Shooting the Rift (Amazon) is another science fiction novel about another navy brat forced to deal with his family’s legacy. This time around, our hero (though he’s more an anti-hero) is Simon Forrester. He hails from a matriarchal world in which he’s viewed as a second-class citizen and a screw up who can’t possibly rise to the level of his mother, an admiral, or his sister, a marine.
That fact that he keeps proving them right is what drives the story forward, first with him getting kicked out of the naval academy, then thrusting him aboard the merchant starship Stacked Deck. The book is firmly in the space opera genre with a few trappings of cybernetics, but for the most part its about Forrester’s tendency to get himself into uncomfortable situations. I’ll happily read the next book when it comes along.
Shattered Spear by Jack Campbell
Shattered Spear (Amazon), the final book in The Lost Star series, brings the story to a muted conclusion. The major storylines involving President Gwen Iceni and General Artur Drakon — two former CIOs of the corrupt and authoritarian Syndicate Worlds — are resolved and their solar system of Gateway is established as a new outpost of democracy. The larger Lost Fleet questions — particularly those involving the Enigma alien race that’s plagued series since the beginning — remain unanswered. I was hoping for a least some sort of reveal regarding the Enigmas, but while we do get a large scale military engagement, we don’t really learn that much more about them. I suppose the Enigma answers will have to wait for Campbell to return to the main lost fleet series, something that doesn’t look to be happening any time soon.
Shadows of Self by Brandon Sanderson
Shadows of Self (Amazon) is the second book in Brandon Sanderson’s follow-up trilogy to the original Mistborn series. The novel sees Waxillium Ladrian and his side kick Wax using their detective skills to investigate a series of assassinations in capitol city of Elendel.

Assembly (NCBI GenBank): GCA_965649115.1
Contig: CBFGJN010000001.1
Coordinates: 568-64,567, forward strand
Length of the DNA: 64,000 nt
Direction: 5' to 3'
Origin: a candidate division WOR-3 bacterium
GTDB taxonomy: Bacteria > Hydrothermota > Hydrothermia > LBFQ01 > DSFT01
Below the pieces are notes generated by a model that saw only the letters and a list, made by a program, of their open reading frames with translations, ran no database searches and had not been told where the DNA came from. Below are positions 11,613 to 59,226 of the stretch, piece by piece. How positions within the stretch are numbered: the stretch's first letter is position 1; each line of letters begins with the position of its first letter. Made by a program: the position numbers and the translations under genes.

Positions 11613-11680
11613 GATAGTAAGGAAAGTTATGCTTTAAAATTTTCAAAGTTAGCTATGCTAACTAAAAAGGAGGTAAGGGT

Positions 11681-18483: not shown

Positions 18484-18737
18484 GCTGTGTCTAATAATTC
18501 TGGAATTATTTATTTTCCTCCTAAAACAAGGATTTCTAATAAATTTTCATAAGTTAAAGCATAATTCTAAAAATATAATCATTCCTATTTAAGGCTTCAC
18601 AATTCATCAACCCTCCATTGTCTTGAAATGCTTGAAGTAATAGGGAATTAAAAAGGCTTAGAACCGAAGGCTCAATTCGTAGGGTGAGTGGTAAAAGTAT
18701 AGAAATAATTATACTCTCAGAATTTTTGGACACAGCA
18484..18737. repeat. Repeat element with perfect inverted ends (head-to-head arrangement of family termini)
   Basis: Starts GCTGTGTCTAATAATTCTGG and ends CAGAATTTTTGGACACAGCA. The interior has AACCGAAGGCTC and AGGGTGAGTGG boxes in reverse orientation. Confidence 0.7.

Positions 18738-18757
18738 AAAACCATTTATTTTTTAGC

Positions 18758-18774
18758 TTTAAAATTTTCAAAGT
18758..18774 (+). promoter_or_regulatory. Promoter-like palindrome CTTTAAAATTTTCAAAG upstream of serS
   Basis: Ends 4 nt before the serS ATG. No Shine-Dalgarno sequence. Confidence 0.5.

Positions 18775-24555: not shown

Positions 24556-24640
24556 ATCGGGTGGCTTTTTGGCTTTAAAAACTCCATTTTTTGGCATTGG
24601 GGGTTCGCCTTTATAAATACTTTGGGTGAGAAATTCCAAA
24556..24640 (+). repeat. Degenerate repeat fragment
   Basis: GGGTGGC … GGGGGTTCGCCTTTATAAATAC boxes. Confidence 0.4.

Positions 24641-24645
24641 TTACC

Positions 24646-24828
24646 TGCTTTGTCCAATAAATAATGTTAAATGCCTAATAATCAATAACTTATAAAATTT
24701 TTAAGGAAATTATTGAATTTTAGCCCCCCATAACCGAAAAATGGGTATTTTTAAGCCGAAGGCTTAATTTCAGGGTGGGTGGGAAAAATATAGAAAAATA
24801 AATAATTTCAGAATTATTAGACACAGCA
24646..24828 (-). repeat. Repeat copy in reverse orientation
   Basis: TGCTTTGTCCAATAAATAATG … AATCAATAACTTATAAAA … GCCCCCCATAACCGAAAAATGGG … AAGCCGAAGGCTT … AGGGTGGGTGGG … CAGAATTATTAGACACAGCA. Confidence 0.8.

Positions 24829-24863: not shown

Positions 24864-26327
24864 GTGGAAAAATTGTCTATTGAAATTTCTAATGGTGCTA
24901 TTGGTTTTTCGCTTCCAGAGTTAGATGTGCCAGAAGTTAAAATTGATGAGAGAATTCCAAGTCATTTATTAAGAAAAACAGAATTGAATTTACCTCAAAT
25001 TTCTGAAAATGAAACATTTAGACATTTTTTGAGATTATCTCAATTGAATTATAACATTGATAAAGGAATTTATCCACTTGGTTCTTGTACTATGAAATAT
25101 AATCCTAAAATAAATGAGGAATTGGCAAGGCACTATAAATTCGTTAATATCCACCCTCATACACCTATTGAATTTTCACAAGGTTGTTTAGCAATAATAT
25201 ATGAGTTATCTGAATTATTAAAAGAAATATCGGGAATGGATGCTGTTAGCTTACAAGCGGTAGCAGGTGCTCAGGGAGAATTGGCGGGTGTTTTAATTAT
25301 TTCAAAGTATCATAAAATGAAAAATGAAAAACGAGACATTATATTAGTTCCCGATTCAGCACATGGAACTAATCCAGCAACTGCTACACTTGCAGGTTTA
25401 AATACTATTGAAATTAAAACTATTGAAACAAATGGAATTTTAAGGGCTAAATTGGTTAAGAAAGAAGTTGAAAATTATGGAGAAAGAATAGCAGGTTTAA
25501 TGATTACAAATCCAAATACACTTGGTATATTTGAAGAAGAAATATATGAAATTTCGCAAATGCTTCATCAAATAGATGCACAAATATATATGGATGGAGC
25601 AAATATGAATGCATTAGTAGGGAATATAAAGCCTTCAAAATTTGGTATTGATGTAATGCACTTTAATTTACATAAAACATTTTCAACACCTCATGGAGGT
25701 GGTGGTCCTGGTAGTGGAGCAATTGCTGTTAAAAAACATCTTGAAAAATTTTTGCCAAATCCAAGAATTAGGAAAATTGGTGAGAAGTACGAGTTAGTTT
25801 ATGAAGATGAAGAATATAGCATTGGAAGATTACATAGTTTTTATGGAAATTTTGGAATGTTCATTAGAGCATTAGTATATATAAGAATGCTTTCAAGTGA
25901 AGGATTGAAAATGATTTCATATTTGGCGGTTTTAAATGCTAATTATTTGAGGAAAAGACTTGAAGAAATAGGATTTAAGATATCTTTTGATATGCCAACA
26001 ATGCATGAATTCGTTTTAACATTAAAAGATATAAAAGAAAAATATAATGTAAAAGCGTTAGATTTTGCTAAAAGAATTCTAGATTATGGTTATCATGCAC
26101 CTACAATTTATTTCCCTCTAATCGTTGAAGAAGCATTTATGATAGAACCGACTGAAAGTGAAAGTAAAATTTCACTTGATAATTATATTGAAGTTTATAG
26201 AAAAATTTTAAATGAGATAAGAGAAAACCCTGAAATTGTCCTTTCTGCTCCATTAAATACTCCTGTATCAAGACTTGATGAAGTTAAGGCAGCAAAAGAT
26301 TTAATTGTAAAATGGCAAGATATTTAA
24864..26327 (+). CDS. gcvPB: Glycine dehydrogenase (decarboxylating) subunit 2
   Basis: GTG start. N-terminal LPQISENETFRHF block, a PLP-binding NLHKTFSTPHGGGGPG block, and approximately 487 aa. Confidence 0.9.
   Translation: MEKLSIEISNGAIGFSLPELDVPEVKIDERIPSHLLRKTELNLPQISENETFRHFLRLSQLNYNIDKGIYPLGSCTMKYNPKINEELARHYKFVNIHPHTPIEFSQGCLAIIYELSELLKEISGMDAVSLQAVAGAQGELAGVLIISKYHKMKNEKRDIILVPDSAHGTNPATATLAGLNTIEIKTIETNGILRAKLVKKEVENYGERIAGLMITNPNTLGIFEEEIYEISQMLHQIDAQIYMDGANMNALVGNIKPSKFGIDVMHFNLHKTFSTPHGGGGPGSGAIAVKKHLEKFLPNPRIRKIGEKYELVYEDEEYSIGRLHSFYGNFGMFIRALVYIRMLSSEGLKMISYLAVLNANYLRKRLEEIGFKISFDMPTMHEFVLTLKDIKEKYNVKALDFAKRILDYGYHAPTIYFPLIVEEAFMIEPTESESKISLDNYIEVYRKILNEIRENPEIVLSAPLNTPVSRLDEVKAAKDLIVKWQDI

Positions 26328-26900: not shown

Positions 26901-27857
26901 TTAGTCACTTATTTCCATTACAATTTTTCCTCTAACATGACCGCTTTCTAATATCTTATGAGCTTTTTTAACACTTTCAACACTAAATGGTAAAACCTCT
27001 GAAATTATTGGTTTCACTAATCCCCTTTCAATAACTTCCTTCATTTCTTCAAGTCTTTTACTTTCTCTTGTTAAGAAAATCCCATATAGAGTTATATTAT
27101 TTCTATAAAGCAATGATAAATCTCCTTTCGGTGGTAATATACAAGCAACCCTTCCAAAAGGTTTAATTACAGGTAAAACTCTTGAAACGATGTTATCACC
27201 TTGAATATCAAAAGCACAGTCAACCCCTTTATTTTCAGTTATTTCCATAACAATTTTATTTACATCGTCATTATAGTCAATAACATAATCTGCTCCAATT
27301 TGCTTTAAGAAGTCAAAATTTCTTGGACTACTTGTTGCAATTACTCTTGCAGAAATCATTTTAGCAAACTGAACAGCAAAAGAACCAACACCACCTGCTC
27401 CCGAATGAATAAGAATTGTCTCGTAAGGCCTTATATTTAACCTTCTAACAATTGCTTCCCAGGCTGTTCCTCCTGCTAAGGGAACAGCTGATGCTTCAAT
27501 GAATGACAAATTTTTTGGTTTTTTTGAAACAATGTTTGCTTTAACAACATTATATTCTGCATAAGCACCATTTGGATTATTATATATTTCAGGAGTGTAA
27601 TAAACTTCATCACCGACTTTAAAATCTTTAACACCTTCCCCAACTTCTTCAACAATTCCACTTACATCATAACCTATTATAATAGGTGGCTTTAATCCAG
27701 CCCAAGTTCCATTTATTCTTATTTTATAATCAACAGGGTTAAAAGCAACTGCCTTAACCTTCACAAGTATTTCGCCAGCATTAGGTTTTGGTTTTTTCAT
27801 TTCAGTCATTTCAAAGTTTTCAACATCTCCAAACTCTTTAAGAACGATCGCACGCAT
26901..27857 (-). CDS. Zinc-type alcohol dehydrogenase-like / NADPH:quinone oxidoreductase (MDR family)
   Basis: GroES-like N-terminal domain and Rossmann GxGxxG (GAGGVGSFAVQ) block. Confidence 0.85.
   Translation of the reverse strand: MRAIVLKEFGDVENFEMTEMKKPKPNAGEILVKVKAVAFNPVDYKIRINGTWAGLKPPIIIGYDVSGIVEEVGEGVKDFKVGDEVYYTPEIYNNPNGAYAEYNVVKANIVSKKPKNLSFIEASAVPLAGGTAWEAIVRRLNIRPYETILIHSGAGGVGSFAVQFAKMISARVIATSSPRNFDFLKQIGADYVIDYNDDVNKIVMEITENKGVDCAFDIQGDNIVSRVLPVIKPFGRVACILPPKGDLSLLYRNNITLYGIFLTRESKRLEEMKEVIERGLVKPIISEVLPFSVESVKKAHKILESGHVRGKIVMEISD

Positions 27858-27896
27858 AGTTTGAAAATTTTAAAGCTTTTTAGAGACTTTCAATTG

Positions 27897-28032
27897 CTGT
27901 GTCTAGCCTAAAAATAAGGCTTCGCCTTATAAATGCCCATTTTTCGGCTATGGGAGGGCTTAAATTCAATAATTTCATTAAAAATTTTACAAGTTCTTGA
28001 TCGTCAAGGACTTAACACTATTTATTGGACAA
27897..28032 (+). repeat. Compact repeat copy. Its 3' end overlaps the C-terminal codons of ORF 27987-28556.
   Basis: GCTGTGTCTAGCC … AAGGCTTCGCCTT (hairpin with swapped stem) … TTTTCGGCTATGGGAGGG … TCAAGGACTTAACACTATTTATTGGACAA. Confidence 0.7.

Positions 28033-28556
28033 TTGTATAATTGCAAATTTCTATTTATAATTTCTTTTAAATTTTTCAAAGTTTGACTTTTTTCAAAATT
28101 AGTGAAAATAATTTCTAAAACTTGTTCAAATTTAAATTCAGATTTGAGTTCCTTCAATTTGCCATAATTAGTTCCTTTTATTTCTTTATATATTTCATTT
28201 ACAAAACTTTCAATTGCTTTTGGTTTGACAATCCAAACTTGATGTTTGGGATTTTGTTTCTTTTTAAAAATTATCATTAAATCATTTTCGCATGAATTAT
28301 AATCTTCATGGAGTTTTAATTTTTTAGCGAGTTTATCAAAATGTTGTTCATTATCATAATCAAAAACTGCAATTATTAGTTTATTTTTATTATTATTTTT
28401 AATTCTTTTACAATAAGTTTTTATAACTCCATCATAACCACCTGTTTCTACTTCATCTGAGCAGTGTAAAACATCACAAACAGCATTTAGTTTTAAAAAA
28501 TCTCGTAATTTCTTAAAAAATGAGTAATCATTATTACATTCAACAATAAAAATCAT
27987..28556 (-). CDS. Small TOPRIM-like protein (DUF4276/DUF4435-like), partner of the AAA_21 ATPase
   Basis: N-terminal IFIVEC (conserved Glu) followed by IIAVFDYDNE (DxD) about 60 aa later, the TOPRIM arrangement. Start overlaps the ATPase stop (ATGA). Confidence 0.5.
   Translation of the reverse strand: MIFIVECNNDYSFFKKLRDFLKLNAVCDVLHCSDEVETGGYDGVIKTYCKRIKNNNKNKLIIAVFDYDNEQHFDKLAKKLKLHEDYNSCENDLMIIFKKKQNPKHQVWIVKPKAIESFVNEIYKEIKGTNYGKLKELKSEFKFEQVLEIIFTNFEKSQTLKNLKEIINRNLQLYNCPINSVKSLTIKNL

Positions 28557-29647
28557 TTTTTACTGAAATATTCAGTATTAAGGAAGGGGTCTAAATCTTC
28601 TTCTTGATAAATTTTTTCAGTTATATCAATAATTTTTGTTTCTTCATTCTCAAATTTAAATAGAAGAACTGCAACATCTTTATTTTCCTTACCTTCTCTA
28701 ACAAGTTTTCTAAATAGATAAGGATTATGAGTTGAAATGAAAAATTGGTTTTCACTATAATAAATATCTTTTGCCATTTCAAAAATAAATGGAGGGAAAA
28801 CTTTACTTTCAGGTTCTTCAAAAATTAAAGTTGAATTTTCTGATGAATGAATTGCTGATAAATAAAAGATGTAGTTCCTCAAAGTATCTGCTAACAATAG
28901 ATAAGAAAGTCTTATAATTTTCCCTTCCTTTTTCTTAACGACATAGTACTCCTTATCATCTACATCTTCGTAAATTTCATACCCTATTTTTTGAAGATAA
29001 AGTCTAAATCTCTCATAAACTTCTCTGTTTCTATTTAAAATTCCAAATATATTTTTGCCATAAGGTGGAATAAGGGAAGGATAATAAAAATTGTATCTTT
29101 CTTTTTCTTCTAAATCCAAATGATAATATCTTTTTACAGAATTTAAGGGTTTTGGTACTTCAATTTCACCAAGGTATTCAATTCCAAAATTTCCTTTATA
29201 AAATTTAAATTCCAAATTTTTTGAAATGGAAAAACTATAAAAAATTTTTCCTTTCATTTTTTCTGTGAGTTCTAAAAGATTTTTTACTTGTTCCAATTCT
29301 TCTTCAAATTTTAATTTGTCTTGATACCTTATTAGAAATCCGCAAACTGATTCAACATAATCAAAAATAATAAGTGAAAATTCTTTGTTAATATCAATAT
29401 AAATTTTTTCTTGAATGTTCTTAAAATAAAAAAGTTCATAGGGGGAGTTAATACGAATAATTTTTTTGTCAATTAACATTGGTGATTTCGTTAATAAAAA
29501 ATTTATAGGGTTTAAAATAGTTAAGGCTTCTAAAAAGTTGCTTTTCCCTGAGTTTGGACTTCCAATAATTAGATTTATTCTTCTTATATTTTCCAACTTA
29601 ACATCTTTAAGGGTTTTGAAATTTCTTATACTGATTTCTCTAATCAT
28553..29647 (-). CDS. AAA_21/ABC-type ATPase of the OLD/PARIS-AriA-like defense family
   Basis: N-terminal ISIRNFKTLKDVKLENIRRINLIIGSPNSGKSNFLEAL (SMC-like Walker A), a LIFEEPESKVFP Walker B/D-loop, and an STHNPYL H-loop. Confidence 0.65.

I’ve enjoyed these books, which combine the unique metal-based magic system of the Mistborn with Old West sensibilities. The book itself is notable for delving deeper into the mysteries of the Cosmere, the metaverse in which most of Sanderson’s books are set.
Annihilation by Jeff VanderMeer
Annihilation (Amazon) was an impulse read for me, replacing the novel Arkwright by Allen Steele (Arkwright got so-so reviews, and I wasn’t in the mood for reading an overlong, slowly-building novel about constructing a generational starship).
Annihilation is the first book in VanderMeer’s Southern Reach series, in which unnamed researchers explore Area X, a stretch of coast line cut off from civilization … and perhaps even our reality. This is a weird, dreamy book that teases at secrets humanity was never meant to know. In some ways its better than LOST; having read the rest of the series I can confide that the trilogy does answer its core questions in a round about sort of way. The first book is definitely the best, as it establishes the mythology. The other books build on it, but it’s an uneven build that doesn’t deliver on its central mysteries in the same way that Peter Cline’s The Fold or Stephen King’s Revival do (both of which deal with those selfsame unknowable secrets, but in a more satisfying way).